new dtd

Mark Ellis mark.uzumati at
Mon Nov 12 15:28:12 PST 2001

On 2001.11.10 19:44 Neven Has wrote:
> On Sat, Nov 10, 2001 at 12:18:03PM +0000, Mark Ellis wrote:
> > I've started to put together a dtd for the new syntax, came across a
> couple
> > of outstanding issues.
> > 
> > 1) link type, Neven where did you go with this in the end ? I've got it
> as
> > an attribute, but it makes very little difference.
> Can a link type contain '"' ? ;)

Don't even think about it :)

> But seriously, if we move "dir" from <chroot> to an element (not that I
> would
> like that), then <link> would be the only element left using attributes
> (not counting <alfs>). So we might as well get rid of all attributes?
> > 2) extra <param>'s, where do we want these, <move> <copy> and <link> ?
> Any
> > more, any less ?
> Or just keep them for <execute>, <configure>, <make> and <patch>?
> And as far as <move>, <copy>, <link> and their different options are
> concerned, how does:
> <link>
>     <options>symbolic force</options>
>     <base>&LFS;/bin</base>
>     <target>bash</target>
>     <name>sh</name>
> </link>
> sound, for example? Maybe not "options" (I'm thinking about <option>
> element
> for something else I mentioned some time ago), but something like
> that...?
> It would make adding a new options latter much nicer and easier, without
> the need for new elements/attributes (like force="yes, please" ;).

I like this a lot, it's easier to understand what the profile is saying,
from a human viewpoint not the backend's. And the backend also has a better
idea of what is happening for these specified handlers, which just seems
right. If any old command flag could be specified anywhere we might as well
have a profile of nothing but <execute>'s.

Time to come up with an element name then eh ? <options> isn't bad, or
<flags> maybe ? And what values ? "Force" for link, copy, and move
obviously, can't decide whether link type would be better left by itself or
put with the other options. Possibly best left separate as a type should
really be mandatory, not optional, but see the answer below for more on

> > 3) chroot dir, attribute or element ? 
> Personally I prefer attribute, but is '"' allowed in a tag's attribute
> value?
> <quote from="W3C REC-xml-19980210">
> To allow attribute values to contain both single and double quotes, the
> apostrophe or single-quote character (') may be represented as "'",
> and
> the double-quote character (") as """.
> </quote>
> This should mean yes, and it makes sense, but I have no idea why some
> software doesn't parse those special entities in attribute's values (it
> parses user-defined without the problem).

Interesting, that makes sense, you should be able to have those characters
in attribs. Dunno why we're coming across parse problems then.

Anyway, my complete :) reasoning on chroot and link.

Links must have a type, whether this is explicitly declared or a default.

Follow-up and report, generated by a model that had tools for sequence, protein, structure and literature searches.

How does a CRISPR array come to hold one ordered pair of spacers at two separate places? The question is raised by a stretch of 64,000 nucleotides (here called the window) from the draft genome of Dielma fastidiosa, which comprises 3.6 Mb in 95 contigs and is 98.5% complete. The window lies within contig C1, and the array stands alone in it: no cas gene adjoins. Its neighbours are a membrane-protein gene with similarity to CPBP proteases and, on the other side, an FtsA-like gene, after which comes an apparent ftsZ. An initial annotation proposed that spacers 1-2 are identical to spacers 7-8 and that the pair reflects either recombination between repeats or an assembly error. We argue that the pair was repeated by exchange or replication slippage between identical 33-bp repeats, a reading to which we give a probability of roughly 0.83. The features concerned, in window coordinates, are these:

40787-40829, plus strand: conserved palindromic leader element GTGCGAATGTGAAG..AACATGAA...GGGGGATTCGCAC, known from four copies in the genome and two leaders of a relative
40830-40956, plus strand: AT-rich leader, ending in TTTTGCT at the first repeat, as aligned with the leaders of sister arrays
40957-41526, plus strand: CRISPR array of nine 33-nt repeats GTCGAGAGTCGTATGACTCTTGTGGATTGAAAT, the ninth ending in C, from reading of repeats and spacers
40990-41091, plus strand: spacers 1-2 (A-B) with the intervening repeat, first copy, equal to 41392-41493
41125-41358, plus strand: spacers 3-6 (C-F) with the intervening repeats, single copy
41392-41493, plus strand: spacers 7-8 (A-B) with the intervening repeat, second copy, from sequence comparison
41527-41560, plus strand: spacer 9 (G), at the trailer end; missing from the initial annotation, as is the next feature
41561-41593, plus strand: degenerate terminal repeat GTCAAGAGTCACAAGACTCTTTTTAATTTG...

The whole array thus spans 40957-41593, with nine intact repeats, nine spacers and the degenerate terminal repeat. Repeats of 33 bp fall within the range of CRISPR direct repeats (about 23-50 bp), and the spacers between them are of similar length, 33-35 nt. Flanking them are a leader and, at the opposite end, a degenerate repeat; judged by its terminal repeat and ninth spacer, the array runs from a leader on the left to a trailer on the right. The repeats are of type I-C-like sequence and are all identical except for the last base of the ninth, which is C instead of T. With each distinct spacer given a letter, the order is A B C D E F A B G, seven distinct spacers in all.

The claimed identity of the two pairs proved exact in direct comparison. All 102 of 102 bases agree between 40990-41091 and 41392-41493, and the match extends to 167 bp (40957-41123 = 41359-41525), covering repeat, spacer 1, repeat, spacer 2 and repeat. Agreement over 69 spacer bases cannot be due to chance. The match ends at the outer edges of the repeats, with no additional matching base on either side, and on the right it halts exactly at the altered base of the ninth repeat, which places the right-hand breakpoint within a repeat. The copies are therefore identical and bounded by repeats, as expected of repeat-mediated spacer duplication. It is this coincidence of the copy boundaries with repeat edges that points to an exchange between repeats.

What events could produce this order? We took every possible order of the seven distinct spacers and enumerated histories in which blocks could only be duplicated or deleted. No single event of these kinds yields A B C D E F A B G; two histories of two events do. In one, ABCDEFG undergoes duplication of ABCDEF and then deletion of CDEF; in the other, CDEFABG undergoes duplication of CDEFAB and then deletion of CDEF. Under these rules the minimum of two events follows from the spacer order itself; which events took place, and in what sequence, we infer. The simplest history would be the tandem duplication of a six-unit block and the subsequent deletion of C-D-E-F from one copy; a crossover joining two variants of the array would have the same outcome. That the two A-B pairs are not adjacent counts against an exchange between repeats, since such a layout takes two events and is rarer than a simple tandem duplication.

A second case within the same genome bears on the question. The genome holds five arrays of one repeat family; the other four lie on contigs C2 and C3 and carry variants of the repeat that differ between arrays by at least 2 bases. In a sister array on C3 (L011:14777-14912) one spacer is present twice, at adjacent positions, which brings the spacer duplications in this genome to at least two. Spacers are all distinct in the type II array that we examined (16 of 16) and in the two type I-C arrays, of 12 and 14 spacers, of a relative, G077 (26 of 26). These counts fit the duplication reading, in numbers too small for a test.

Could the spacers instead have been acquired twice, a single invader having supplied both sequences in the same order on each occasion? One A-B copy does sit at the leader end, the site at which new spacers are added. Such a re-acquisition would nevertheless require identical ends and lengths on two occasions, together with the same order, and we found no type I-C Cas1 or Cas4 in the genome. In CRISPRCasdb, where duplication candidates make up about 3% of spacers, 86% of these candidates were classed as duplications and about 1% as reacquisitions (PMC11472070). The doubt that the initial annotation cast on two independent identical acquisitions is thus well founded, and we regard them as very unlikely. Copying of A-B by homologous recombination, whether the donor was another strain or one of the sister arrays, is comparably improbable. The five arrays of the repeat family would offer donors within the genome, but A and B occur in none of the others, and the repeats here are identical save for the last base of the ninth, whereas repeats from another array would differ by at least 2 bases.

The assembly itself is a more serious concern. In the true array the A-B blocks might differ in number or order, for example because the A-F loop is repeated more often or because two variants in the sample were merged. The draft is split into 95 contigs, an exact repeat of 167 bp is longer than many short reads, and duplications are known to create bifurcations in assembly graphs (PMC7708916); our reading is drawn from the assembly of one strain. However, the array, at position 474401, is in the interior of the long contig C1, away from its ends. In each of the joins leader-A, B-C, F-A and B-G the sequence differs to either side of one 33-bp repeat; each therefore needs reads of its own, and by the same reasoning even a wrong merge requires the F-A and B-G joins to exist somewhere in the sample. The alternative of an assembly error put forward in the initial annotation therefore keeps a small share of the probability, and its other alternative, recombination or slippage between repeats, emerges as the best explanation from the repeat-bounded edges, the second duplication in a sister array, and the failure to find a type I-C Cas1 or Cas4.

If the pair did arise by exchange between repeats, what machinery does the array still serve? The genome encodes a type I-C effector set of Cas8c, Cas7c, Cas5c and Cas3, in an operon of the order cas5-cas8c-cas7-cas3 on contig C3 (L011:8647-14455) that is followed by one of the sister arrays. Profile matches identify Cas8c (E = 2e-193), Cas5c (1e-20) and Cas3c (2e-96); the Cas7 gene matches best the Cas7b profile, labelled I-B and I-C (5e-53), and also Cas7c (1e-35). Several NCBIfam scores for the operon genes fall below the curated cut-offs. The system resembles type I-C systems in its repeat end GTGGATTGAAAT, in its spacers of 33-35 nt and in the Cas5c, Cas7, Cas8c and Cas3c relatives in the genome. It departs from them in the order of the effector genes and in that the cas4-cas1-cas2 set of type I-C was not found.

These types are also specifically defined, ie hard or symbolic. Element
content can be absolutely anything, not actually a problem 'cos we have
backend validation, user docs (ok in an ideal world :) ), but the xml says
nothing about what is allowed. In an attribute you can specify what the
possible values are and what the default should be. Again unless you are
validating the xml you gain nothing concrete but there is built in

Conversely, chroot dir can be essentially anything, and to me seems more
like a "thing" than a "property" if you see what i mean.

So i really like link type as an attribute, chroot dir seems more like an
element but really doesn't matter either way, so i guess if we shouldn't
get any parse errors, go for both as attribs.

> > 4) mount element, i just realized i'm still using this and Neven isn't,
> > probably makes more sense just to <execute> mount, any other thoughts
> > before it gets the chop ?
> We can always add it later, so I would vote to use just <execute> for
> now.


> > 5) ordering of child elements, bit more of a personal taste question
> here i
> > think. As its currently written, most elements require child elements
> in a
> > particular order. From the point of view of processing these things it
> > probably makes no difference to us whether <param> appears before
> <base> or
> > vise versa, and this can be done in the dtd. Pro's for the enforced
> order
> > way, it provides a standard of sorts and is much easier to write the
> dtd.
> > Pro's for the more lenient way, it's easier to write profiles. Does
> that
> > make sense ? Any thoughts ? Personally i like the set ordering.
> Currently, in nALFS, order doesn't matter at all, except for <param>
> elements
> which are used in the order of appearance.
> I'm not sure that I see any benefits of ordering <base>, <name>, <target>
> and similar elements within one.
> IMHO, it's just important that they are inside. :)

Me giggles manically :) OK, i'll give a non enforcing dtd a go. Have the
men in white coats ready.

> > I think that covers most of it.
> What happened to <base>?
> Should we rename it to <current_dir> or <working_dir> or something else?
> Neven

<base> has grown on me a bit, how about <base_dir>, or <basedir> for easier
typing, bit more explicit, or does that sound too much like a pseudo
filesystem root ?

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